Advertisements
Skip to content

Tag: Police

Law Enforcement 3

The School Shooting Solution, Is There One?

schoolshooter2

Every parent’s worst nightmare, a school shooting. I can’t imagine having to experience it as a kid, a teacher, or a parent. I vaguely remember an incident in my high school where a kid brought a gun to class. Luckily, he didn’t use it and the situation was quickly resolved. It was in the classroom across the hall from me, so there’s little doubt I would have been involved to some degree had things gone bad.

Throughout my career, I went through what police call “rapid rescue” or “rapid response” training on more than one occasion. I won’t get into details, but essentially the training was geared toward how to respond to an active shooter, primarily in a large building like a school. When I was a patrol officer on the day shift, I can tell you with absolute certainty, that an active shooter at a school was my worst nightmare. I thought about the possibility of that call coming out every single day, usually as I put my patrol rifle in my squad car at the beginning of my shift. I knew if I had my rifle, I was equipped to get into that situation and handle business with accuracy and confidence. Pistols are just not as accurate, especially at longer distances and under extreme stress, so I was thankful I had that tool. In preparation of my worst nightmare coming true, I studied where all the schools were and even the ones near the borders of my patrol division. I probably should have prepared more and walked through them a few times, but I didn’t. Thankfully, that call never came.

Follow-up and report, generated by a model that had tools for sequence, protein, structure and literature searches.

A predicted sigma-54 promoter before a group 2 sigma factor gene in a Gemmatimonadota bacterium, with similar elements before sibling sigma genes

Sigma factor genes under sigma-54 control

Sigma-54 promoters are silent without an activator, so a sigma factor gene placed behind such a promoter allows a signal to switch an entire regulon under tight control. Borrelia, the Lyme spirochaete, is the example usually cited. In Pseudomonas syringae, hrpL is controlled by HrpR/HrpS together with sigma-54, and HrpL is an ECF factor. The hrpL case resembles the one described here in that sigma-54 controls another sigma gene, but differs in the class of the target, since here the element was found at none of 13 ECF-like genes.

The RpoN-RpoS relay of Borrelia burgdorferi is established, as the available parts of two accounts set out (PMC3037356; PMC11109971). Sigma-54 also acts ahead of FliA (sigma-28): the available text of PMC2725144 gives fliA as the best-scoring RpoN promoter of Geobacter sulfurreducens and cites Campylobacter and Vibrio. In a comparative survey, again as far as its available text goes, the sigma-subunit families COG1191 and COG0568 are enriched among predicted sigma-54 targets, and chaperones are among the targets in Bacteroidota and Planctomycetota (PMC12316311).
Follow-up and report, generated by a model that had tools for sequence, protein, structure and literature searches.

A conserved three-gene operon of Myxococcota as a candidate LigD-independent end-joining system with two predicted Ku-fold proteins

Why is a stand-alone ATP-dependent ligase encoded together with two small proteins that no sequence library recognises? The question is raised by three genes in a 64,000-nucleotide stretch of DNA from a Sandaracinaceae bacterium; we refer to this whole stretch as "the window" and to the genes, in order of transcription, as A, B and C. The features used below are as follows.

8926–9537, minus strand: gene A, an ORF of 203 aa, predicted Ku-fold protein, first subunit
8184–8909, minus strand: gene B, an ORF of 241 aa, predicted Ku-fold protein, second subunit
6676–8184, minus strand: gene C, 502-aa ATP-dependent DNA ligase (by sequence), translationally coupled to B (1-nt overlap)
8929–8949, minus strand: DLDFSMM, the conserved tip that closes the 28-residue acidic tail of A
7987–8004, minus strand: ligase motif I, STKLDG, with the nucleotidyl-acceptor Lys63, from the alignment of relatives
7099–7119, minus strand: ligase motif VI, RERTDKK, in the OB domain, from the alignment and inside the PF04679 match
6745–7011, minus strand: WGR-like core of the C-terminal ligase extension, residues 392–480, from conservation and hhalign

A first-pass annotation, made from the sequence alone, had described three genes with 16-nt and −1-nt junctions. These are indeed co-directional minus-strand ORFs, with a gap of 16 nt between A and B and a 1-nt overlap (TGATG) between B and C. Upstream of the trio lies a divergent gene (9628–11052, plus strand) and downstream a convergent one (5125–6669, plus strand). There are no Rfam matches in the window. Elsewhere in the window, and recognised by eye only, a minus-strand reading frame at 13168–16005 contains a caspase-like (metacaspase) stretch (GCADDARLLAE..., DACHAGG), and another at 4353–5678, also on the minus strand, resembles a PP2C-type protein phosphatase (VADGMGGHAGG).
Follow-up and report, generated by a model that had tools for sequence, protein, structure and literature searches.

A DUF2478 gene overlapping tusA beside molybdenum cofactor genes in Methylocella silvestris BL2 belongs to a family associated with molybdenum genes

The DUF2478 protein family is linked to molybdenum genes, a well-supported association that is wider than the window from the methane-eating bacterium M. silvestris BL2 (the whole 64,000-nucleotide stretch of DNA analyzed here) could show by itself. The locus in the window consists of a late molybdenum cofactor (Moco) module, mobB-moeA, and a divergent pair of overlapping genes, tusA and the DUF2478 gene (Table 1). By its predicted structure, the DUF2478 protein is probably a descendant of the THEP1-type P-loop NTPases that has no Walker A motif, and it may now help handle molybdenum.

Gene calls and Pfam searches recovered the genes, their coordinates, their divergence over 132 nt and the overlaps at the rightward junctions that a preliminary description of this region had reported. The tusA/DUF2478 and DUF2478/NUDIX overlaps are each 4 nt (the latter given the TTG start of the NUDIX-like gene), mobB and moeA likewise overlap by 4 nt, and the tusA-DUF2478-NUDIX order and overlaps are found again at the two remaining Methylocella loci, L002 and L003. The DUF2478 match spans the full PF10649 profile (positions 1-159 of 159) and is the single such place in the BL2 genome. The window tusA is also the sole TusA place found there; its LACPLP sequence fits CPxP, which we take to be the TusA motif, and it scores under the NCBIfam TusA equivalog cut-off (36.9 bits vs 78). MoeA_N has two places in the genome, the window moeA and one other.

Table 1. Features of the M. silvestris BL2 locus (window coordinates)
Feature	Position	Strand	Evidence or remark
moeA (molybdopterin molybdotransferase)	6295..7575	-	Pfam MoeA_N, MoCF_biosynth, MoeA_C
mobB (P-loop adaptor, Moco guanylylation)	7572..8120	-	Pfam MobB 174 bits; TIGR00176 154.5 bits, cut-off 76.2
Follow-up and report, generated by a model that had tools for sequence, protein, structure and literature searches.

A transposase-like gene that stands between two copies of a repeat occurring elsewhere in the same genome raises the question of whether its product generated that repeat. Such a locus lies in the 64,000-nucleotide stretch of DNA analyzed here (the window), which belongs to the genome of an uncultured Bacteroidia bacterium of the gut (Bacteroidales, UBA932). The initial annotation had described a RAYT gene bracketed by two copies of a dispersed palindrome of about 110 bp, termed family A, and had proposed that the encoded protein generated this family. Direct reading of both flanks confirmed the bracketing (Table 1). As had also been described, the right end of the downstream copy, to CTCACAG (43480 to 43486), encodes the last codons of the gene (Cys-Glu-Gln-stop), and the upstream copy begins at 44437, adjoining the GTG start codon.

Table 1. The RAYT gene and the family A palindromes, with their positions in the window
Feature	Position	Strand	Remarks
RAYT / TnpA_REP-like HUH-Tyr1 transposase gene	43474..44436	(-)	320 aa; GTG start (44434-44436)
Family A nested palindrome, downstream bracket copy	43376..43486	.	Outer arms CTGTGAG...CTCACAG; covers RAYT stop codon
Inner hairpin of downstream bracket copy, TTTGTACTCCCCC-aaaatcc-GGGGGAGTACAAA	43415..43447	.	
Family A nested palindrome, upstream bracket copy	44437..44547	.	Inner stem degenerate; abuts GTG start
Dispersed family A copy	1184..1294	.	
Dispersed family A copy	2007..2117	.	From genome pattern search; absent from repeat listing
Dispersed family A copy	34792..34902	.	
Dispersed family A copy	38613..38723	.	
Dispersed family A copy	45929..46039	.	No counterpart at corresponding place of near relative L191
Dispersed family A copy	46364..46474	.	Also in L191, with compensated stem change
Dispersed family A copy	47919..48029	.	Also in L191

So what is the million dollar school shooting solution? I’ve thought about it, like most of you probably have and I never quite reached a perfect answer. I would hope if there was one, it would have been implemented by now. Short of turning schools into something resembling a prison, I don’t know if there is a hard and fast, guaranteed way to prevent any and all mass shootings in schools. Can you imagine making all of the school windows bulletproof, requiring access cards to get from room to room, pat downs and metal detectors at every entry point, armed guards with a bird’s eye view of the perimeter? Sounds awful.

Also, before I go any further, this topic could turn political quickly and that is certainly not my intention. I am looking at this solely from a police and teacher perspective in regards to their roles in prevention and in ending an incident quickly, should one arise.

First off, I think school resource officers are paramount in every school. They have so many upsides, I don’t see why a school wouldn’t have one. To start, they are there daily and get to know the kids. By always being there, they know who likes who, who fights with who, and may even have an idea of someone that could be at risk of carrying out such an atrocity. As we have seen in the past, there are usually warning signs, but not always. This doesn’t mean that intervention or prevention by police is a certainty. Hindsight is always 20/20.  Sadly, people fail to realize that law enforcement could intervene in certain situations, however, we don’t live in a full on “Big Brother” society that allows police to follow “those suspected of being dangerous” on a 24 hour basis. Police aren’t always ready to step in at the first sign of trouble. That just simply isn’t realistic. I hate to break it to you, that’s just the truth.

Yes, you could arrest a bad apple for making threats or getting into fights or whatever it is that the bad apple did to raise suspicion. If you’re being realistic about how KIDS are dealt with criminally, unless they kill someone, they will eventually be released to a parent or guardian and able to carry out their previous threats, should they be so determined. It’s just a fact. Unless people are honestly willing to lock up kids forever anytime they threaten to carry out a mass shooting, then the notion that it is solely up to the police and justice system to intervene is ridiculous.